A loss is recognized when assets are sold for a price lower than the original purchase price. Realized loss occurs when an asset which was purchased at a level referred to as cost or book value is then disbursed for a value below its book value. Although the asset may have been held on the balance sheet at a fair value level below cost, the loss only becomes realized once the asset is off the books.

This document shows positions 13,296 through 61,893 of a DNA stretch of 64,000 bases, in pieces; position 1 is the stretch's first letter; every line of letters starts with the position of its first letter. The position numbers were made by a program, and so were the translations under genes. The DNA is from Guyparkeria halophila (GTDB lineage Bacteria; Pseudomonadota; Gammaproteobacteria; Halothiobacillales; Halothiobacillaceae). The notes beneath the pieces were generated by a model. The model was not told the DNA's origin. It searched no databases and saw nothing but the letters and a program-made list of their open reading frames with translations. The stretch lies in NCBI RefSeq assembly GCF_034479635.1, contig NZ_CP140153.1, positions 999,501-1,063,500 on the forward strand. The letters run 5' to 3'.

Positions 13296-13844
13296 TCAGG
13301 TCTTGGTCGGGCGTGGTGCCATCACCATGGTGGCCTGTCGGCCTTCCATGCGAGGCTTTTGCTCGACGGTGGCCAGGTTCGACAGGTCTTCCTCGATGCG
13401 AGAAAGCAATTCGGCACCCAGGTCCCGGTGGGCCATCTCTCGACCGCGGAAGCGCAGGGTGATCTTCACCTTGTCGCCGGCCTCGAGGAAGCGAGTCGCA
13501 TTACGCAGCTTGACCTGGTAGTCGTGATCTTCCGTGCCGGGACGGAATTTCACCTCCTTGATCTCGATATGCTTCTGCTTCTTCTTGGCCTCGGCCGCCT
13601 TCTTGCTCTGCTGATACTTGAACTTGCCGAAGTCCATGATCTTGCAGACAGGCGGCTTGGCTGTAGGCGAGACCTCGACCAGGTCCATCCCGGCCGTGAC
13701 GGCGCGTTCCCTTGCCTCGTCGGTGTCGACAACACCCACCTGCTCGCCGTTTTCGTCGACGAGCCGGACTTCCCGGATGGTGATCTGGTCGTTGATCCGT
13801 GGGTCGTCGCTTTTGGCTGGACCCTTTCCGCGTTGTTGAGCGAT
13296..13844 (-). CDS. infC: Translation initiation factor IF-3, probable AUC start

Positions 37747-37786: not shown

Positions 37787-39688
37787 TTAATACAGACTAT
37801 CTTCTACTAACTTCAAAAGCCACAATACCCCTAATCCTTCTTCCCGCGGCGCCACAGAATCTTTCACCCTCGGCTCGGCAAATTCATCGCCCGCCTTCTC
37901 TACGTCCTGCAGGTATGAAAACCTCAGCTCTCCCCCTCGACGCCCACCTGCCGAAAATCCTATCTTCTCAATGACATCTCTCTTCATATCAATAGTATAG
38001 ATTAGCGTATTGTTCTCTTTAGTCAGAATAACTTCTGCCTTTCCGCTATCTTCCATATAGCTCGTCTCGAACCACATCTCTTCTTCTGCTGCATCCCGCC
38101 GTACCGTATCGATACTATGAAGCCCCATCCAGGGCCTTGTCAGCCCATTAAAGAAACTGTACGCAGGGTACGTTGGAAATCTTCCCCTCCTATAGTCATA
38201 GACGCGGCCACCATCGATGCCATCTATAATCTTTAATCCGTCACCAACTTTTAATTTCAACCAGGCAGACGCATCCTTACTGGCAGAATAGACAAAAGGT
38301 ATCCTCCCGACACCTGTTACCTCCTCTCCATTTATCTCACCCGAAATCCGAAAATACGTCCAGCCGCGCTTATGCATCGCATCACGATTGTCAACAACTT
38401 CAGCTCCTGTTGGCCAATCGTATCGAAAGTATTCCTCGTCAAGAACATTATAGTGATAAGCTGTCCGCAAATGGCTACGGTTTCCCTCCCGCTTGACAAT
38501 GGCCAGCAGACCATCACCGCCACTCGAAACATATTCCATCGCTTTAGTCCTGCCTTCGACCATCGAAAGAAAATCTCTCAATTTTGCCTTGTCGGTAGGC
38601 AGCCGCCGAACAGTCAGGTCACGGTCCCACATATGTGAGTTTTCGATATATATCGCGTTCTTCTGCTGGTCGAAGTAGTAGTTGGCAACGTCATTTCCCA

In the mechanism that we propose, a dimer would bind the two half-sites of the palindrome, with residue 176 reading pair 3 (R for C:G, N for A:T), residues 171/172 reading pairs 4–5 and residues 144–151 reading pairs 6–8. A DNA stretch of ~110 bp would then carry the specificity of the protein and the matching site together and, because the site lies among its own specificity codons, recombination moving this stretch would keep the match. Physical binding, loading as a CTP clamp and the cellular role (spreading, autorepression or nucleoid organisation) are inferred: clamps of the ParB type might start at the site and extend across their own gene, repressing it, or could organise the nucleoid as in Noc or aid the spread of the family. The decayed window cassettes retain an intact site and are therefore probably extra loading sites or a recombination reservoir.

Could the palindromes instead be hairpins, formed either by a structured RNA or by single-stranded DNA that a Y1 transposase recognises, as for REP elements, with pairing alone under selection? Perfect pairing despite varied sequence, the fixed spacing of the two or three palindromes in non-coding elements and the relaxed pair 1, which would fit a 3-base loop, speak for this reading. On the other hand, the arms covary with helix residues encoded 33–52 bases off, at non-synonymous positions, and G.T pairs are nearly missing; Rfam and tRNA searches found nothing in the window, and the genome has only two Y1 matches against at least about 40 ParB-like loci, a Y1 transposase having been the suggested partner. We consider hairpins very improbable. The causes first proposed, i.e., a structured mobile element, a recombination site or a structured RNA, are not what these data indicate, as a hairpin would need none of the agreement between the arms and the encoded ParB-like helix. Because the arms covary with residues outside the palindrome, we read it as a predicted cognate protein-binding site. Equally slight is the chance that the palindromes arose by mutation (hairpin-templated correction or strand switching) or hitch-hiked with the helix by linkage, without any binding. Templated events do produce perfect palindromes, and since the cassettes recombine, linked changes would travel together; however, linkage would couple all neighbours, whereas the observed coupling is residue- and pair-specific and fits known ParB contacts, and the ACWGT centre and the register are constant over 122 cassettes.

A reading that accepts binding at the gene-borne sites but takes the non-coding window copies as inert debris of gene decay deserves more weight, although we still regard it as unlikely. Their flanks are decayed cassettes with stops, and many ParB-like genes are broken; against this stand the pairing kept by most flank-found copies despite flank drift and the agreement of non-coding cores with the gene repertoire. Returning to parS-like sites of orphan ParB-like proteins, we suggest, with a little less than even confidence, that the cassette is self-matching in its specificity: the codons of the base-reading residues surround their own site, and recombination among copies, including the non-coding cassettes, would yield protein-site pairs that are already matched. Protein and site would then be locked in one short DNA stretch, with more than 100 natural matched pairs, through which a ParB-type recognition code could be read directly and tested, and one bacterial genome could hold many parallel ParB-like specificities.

One upside to a realized loss is the possible tax advantage. In most instances a portion of the realized loss may be applied against a capital gain or realized profit to reduce taxes. This may be quite desirable for a company looking to limit its tax burden, and firms may actually go out of their way to realize losses in periods where their tax bill is expected to be higher than wished.